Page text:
The constant drum beat of My Profits First, My Capitalism Always only drives people who don't have your good fortune to use their vote against you!

The more you reduce humans like me to just a negligible number, then that de-humanizes me and if I care to keep fighting for my life, I must stop you from doing that. What choice do I have?


Frank Canzolino said...

Thanks for your comment, I appreciate hearing all views on ObamaCare.

It would be more cost effective to give a debit card that could be used for healthcare purchases, with a refund of the unused portion given to the cardholder, to the uninsured (not by choice, nor to illegals). Common sense indicates those are the people truly in need; to upheave the entire healthcare system is inadvisable. Another proposal that can be immediately implemented is to institute tort reform, which would immediately reduce the number of expensive tests performed by doctors to cover their collective asses (In out litigious society can we blame them?).

Instead of ObamaCare, these types of commonsense changes can be made, and conservatives would back them. You must ask yourself if liberals would get behind a debit card and tort reform, I think the answer is no since the American Bar Association, and the collectivists in the Democrat party who want a single payer system would stop these changes dead in their tracks.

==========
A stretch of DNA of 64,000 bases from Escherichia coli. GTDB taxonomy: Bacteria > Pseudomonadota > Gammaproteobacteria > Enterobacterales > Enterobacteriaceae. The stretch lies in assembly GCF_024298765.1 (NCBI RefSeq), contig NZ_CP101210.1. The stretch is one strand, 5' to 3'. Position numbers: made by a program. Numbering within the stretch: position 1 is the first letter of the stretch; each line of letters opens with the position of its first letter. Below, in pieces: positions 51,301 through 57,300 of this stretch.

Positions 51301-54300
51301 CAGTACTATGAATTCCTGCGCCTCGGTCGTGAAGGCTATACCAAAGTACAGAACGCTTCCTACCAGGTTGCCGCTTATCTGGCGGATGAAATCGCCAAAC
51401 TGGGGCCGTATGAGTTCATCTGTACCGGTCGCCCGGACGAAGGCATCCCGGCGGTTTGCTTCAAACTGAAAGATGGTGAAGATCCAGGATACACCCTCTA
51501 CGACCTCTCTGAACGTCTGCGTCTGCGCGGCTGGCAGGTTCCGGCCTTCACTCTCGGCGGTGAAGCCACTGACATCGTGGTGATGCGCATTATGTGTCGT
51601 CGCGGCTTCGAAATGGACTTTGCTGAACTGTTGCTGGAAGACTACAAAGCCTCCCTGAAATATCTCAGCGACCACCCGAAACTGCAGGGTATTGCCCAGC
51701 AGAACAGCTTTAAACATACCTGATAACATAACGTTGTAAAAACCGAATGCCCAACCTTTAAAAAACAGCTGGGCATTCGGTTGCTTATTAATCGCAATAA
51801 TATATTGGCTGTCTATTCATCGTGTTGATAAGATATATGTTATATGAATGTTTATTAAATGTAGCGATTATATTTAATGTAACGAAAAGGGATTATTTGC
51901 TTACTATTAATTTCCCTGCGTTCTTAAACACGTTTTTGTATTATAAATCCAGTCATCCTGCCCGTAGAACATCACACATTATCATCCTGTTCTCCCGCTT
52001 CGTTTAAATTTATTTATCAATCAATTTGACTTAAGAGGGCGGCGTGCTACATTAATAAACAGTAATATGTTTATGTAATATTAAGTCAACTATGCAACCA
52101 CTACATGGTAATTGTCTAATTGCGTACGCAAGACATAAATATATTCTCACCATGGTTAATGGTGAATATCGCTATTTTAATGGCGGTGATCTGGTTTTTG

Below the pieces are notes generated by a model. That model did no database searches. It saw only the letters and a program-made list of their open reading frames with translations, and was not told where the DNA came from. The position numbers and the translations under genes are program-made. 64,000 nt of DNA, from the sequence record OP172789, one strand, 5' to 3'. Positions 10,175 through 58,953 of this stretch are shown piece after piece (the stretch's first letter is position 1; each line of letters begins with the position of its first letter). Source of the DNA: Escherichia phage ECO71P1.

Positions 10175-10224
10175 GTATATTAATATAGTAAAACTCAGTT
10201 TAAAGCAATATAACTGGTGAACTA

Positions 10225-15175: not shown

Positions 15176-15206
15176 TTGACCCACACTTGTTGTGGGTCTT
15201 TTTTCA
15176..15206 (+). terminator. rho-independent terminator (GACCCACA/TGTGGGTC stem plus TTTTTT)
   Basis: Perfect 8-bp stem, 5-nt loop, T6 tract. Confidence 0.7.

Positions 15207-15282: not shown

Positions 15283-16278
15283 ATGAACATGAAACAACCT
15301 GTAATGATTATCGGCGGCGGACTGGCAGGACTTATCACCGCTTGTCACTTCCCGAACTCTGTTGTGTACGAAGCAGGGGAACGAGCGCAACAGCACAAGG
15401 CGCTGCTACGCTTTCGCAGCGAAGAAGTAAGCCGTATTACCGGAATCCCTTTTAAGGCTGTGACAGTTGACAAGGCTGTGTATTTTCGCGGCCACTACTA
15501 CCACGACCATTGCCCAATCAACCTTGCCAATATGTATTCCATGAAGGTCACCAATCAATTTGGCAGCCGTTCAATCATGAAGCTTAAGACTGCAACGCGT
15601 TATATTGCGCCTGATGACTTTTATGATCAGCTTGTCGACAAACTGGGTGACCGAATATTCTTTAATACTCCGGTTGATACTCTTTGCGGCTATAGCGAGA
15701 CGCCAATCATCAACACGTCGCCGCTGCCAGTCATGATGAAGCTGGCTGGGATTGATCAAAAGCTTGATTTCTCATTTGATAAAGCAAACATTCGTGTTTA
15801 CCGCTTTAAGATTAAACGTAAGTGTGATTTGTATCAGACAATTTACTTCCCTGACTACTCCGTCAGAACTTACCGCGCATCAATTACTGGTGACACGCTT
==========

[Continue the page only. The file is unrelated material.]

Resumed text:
Anonymous said...

Thank you Frank for offering some actual suggestions that I do agree with and makes me wonder if anyone in Our Congress are promoting these very ideas. But if I may say, with all due respect, they are most useful in the implementation and procedural end of Medicare. Allow me to say why I think so. (Believe it or not, this is brief, comparatively. (Oy.))

It is clear from the back and forth for and against Obama One Care that there is a lot neither side is facing. Again, leaving the uninsured in the middle trying to fight while we're sick.

I don't know if you know what it's like to have to file for Medicare but basically, you have to be dirt broke first (they track down where all your money is, because they need to know you're not some undeserving person trying to defraud the rest of us). So if you aren't dirt broke first, you are undeserving. You are not allowed to have any funds of your own.